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Penarth Pier Penarth Pavillion Faรงade of shops on Penarth Esplanade Boats opp. Sailing Club Penarth RNLI lifeboat men cleaning lifeboat Penarth lifeboat station View from the shore towards to the Pier Sailing boats Along the shore The Fig Tree Bar & Restaurant The Pavillion entrance Penarth Pier entrance Commemorative Plaque Memorial Plaques Along the Pier End of the Pier View towards Cardiff Bay

There is something about the British coast that pulls me like a magnet. I love the wildness of it in the north and also the shabby chic and the grandiose-ness of it to the south. Penarth, just west of Cardiff Bay is in transition, Once separate to, it has now been subsumed by Cardiff and its avaricious building programme. The Lifeboat Station and the Sailing Club provide an echo of its fishing and seafaring heritage and the Esplanade and elegant pier with it’s peeling Pavillion speak of happy days by the sea, laughter and fond memories, hunting for fossils on the shoreline. The Pavillion is closed, which is such a shame because Cardiff needs to retain it’s heritage or it is in danger of becoming a ‘toy town’ where the new builds (kiss me quick developments) which seem modern and shiny now, don’t look like they are built to age gracefully. The good news is a heritage lottery fund award last year means it can be saved for prosperity. Penarth Hotel opposite was demolished to make way for a very brown, bland block of flats not at all in keeping with the charm of the Esplanade. A pity we’ve learnt so little from the visionary Victorian builders who knew that building was more than a scale drawing and bricks and mortar. Penarth Esplanade draws you there, exuding charm enough on rainy days to help you see past all the ‘kiss me quicks’ and make you stop and sit a while, wondering who might have the vision to rescue the Pavillion and what will the flats look like that will be replacing the row of shops that have been demolished and where all that remain are the two twin Victorian towers and the thin façade held up by sturdy steel scaffolding. From Penarth you look across the Bristol Channel (Severn Estuary) to Weston Super Mare, and the north Devon coast. Your eyes might skip over to the giant industrial installations along Cardiff Bay with the iconic Millenium Centre singing out in the sunshine in protest (perhaps) ‘within these stones horizons sing’ further on to the west, Barry Island and the smoking chimney stacks of Port Talbot are hidden from view around the corner. You can also see the two islands of Flat Holme and Steep Holme which are well worth a boat trip, even a stop over maybe?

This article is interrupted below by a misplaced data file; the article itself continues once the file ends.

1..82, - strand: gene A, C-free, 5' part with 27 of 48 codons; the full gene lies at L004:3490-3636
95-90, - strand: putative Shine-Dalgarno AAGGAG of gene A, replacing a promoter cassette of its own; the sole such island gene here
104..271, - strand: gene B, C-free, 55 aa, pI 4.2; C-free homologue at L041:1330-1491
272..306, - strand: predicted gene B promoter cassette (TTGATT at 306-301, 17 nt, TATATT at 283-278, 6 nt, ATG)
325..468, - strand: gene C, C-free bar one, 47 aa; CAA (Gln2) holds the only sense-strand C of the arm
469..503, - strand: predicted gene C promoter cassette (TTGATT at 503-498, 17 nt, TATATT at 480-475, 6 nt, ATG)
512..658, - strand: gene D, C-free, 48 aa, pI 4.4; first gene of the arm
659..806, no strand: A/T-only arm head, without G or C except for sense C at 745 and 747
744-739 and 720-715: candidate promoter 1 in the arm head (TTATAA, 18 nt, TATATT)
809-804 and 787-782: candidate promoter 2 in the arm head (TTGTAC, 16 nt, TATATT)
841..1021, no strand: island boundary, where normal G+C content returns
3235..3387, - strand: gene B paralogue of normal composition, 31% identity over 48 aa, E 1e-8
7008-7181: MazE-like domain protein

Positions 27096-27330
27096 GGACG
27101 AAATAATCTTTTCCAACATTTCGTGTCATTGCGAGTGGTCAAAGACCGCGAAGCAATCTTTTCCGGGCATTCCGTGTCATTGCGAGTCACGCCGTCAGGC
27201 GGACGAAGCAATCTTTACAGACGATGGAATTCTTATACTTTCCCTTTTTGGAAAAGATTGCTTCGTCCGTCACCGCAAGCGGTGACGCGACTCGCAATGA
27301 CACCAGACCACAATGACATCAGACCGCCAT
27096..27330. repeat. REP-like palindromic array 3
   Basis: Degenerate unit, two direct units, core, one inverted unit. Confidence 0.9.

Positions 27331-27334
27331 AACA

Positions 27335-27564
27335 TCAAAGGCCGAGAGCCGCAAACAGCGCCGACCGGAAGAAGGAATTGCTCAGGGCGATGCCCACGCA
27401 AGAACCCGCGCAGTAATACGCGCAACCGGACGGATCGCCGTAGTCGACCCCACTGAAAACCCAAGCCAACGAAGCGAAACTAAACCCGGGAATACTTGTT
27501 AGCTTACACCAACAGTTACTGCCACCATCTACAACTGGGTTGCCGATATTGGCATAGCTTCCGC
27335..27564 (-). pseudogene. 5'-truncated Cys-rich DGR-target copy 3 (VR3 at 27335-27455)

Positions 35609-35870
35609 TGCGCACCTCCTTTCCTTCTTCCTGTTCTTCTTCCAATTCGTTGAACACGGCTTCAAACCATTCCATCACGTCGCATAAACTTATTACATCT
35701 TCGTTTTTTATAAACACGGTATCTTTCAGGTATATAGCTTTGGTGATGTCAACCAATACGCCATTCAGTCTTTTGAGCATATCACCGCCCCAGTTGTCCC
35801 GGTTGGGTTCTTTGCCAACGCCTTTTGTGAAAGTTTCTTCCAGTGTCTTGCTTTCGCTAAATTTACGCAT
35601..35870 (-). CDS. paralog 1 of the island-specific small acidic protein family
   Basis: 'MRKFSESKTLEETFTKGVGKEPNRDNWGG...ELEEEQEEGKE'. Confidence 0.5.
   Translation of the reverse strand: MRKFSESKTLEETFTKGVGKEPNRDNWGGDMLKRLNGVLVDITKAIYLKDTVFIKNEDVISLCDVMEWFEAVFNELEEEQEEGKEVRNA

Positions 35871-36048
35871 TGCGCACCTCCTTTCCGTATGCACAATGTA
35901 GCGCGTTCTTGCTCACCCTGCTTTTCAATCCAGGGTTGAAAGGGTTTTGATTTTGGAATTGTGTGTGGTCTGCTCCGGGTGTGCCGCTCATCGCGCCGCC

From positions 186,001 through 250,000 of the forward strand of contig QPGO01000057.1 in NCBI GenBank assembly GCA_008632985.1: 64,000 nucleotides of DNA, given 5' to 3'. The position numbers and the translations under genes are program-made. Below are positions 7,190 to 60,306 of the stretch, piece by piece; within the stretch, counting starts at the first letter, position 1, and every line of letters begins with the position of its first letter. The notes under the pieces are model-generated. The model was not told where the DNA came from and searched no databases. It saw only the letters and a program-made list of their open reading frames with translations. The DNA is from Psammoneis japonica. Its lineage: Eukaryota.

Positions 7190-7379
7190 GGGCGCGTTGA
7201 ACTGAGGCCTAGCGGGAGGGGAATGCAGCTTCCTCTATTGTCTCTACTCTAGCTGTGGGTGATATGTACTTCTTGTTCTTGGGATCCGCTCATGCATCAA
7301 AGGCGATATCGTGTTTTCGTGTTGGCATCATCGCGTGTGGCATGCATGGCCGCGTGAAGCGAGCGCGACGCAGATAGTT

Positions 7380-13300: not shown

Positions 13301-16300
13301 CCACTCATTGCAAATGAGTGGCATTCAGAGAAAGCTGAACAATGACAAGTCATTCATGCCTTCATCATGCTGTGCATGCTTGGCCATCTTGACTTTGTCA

All images contained within this publication are copyright of Juliet Brain, Artsmonkey 2012 . All rights reserved. Any unauthorised use of these images will constitute an infringement of copyright. @Artsmonkey1

Penarth Esplanade  

A rainy Sunday morning in April along Penarth Esplanade

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